Avery Easton Explains Why Romance Matters...
When I wrote my first romance novel, Love Me A Little, I didn't intend to publish it or show it to anyone. I wrote it just for me. I thought people might think it was silly or bad or unworthy.
Then, I was bolstered by the Hot & Bothered podcast. Their first season treated romance writing as sacred, something I had never considered. After listening, I decided to go for it. I pursued publishers, and found a home with the wonderful people at Uncial Press. (And if I may, shout out to Jude, my incredible editor. She took a chance on my mess of a manuscript and helped me make it shine.)
Once it was published and I began telling people I'd written a romance novel, I encountered one of two reactions.
1) "That is awesome! You wrote a book! Where can I get it?"
2) eye roll side eye smirk "A romance novel?"
My response is generally "I'm very proud" and then a teensy little rant about romance being a billion dollar industry that isn't taken seriously because it's largely written by women, for women. But many folks (far smarter than I) have written on the subject, so today I digress.
Those responses have led me to a question, though. Why is romance so popular? Besides intriguing characters and laugh-out-loud moments, and yes, those steamy scenes, the answer is simple, really. It is much the same reason that I wrote about last year regarding musicals.
It gives us escape.
Romance novels offer us a beautiful reprieve into worlds where there may be trials and tribulations, but there is always a happy ending. We enter into these worlds to be swept away by a handsome hero, or in my next book's case, a beautiful hero with a husky voice who loves with her whole heart.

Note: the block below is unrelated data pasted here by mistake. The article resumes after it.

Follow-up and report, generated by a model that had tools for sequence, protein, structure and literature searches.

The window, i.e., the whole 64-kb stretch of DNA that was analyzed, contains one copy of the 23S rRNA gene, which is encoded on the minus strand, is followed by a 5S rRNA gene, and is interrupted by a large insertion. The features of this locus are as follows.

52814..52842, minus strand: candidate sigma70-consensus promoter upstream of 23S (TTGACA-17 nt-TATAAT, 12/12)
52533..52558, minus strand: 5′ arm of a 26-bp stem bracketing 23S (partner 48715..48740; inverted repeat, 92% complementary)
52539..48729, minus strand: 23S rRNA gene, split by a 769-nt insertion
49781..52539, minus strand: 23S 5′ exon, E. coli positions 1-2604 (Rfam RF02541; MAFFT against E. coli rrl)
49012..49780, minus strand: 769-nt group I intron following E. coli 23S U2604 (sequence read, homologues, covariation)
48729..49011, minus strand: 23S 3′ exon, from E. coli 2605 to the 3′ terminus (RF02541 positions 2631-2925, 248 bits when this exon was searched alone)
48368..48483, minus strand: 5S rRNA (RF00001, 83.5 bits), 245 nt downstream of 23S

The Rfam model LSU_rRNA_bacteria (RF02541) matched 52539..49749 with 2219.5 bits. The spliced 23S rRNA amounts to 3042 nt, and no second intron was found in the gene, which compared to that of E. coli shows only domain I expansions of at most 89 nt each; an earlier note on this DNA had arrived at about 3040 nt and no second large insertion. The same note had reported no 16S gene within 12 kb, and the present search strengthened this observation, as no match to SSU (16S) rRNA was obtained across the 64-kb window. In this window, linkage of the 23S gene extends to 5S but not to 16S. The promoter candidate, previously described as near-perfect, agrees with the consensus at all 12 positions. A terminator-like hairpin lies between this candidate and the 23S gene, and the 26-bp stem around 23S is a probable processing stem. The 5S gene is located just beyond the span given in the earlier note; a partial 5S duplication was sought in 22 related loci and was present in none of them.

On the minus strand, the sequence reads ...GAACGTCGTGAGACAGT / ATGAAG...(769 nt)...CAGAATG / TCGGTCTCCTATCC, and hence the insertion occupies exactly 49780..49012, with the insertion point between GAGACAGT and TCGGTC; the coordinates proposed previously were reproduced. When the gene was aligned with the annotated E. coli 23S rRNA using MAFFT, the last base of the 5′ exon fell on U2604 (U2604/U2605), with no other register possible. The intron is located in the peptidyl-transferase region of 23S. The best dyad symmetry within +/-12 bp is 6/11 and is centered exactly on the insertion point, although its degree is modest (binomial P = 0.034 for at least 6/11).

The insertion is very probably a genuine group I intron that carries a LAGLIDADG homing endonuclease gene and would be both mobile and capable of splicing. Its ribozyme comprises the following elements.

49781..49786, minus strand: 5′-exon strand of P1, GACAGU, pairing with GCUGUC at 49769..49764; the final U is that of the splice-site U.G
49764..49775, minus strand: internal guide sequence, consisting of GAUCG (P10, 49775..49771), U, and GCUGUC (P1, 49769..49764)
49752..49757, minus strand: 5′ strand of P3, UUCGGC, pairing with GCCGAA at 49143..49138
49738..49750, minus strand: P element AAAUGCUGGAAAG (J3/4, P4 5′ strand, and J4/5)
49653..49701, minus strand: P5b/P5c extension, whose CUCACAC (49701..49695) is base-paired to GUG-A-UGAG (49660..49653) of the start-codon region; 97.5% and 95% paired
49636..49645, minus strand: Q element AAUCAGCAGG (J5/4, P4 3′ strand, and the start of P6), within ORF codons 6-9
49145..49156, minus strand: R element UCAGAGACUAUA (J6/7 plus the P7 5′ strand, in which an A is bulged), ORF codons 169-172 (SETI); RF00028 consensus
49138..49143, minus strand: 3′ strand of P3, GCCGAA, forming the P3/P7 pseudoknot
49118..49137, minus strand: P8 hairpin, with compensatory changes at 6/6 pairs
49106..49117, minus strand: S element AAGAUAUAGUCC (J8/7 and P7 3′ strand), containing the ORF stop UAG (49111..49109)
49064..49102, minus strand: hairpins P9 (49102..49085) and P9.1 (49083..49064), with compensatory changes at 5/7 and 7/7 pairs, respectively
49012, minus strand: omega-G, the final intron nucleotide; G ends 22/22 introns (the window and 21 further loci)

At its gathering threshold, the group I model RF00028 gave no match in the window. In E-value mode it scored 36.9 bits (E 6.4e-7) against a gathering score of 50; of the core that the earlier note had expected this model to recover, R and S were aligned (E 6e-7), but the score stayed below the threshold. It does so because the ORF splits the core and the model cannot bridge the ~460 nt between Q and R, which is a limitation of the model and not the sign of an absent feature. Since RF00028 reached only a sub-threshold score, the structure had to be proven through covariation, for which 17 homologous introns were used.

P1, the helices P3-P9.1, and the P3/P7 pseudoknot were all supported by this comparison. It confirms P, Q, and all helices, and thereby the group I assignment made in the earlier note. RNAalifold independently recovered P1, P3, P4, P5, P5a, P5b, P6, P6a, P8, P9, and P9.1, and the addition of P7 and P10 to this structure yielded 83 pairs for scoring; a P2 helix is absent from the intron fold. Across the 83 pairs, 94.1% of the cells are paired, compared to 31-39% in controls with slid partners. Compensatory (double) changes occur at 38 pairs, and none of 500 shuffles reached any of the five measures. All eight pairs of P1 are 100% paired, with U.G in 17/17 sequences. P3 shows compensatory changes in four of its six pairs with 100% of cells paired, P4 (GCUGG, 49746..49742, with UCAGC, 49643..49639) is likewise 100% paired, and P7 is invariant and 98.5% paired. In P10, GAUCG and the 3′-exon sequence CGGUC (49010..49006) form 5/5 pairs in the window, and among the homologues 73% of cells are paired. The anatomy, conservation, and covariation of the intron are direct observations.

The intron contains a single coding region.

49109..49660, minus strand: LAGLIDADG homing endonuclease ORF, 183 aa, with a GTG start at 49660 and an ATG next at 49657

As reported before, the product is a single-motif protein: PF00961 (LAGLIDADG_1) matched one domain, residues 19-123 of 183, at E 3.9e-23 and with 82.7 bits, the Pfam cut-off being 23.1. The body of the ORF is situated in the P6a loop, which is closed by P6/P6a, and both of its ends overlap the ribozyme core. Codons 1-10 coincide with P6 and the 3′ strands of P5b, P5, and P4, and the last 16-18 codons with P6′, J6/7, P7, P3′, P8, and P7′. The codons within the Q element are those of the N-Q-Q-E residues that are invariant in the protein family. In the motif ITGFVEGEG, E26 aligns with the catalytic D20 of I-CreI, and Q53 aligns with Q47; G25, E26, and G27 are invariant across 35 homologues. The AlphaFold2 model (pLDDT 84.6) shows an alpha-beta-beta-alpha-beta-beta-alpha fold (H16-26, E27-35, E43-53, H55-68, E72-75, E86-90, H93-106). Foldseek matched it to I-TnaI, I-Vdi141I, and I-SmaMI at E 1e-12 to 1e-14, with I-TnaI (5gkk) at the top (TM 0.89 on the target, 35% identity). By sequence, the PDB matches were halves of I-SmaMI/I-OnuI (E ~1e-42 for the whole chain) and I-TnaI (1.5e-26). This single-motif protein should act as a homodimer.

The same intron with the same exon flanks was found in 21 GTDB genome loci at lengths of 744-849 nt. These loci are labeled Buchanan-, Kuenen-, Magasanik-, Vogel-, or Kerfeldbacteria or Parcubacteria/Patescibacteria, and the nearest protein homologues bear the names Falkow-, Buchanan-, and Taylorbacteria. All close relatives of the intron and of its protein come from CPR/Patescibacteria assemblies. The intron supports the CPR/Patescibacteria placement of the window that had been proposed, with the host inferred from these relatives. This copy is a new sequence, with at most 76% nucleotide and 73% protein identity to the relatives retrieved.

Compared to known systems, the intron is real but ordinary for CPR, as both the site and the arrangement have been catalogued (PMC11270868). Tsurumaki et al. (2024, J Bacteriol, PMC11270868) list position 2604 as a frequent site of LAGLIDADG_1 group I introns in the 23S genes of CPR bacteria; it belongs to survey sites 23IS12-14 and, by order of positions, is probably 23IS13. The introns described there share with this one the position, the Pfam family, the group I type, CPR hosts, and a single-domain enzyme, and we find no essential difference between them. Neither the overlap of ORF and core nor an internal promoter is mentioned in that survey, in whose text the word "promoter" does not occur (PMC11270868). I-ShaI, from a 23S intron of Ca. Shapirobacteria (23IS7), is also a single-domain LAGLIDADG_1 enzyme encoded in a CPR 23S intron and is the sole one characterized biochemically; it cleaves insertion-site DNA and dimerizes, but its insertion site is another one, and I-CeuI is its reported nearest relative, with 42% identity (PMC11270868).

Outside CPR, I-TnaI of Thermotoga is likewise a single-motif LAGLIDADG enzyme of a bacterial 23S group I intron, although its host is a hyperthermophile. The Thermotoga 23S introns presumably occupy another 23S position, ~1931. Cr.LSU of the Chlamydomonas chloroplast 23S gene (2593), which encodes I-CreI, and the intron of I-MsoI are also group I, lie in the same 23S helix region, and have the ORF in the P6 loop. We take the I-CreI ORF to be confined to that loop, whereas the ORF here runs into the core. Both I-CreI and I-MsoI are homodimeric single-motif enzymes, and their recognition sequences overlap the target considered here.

And no one should be shamed for reading them. That eye roll side eye smirk is completely unnecessary.
Whether you're into ripped bodices, or abs on the cover, or contemporary romantic comedies, romance novels matter. Perhaps you seek to escape a crappy love life. Or seek to feel the thrill of first love again, even after you've been married to the world's most wonderful human for years. Maybe you want to experience a relationship unlike one you've ever had, or wrap yourself in the familiar feelings of falling for your co-worker. Perhaps you're the quirky best friend who is finally getting their own story. Or maybe you're the accidental villain who deserves love, too.
If I Told You, the second in my Hearts of Broadway series, follows the story of Paige Parker, who did not come off rosy in my first novel. But in romance, even villains can have their redemption. And that aforementioned husky-voiced hero sweeps her off her feet.
Romance matters because it's the best of us. It's humanity, it's perspective, it's love. And who could deride putting more love into the world?
Whatever reason you pick up a romance novel, and there are plenty, you shouldn't feel ashamed or judged for it. Wanting to escape into a love story is a wonderful thing. I love a lot of genres: mysteries, autobiographies, thrillers, essays...
But when I really want to check out for an hour or seven? Give me the fluttery feelings, the heartache in the third act, and the happily-ever-after any day.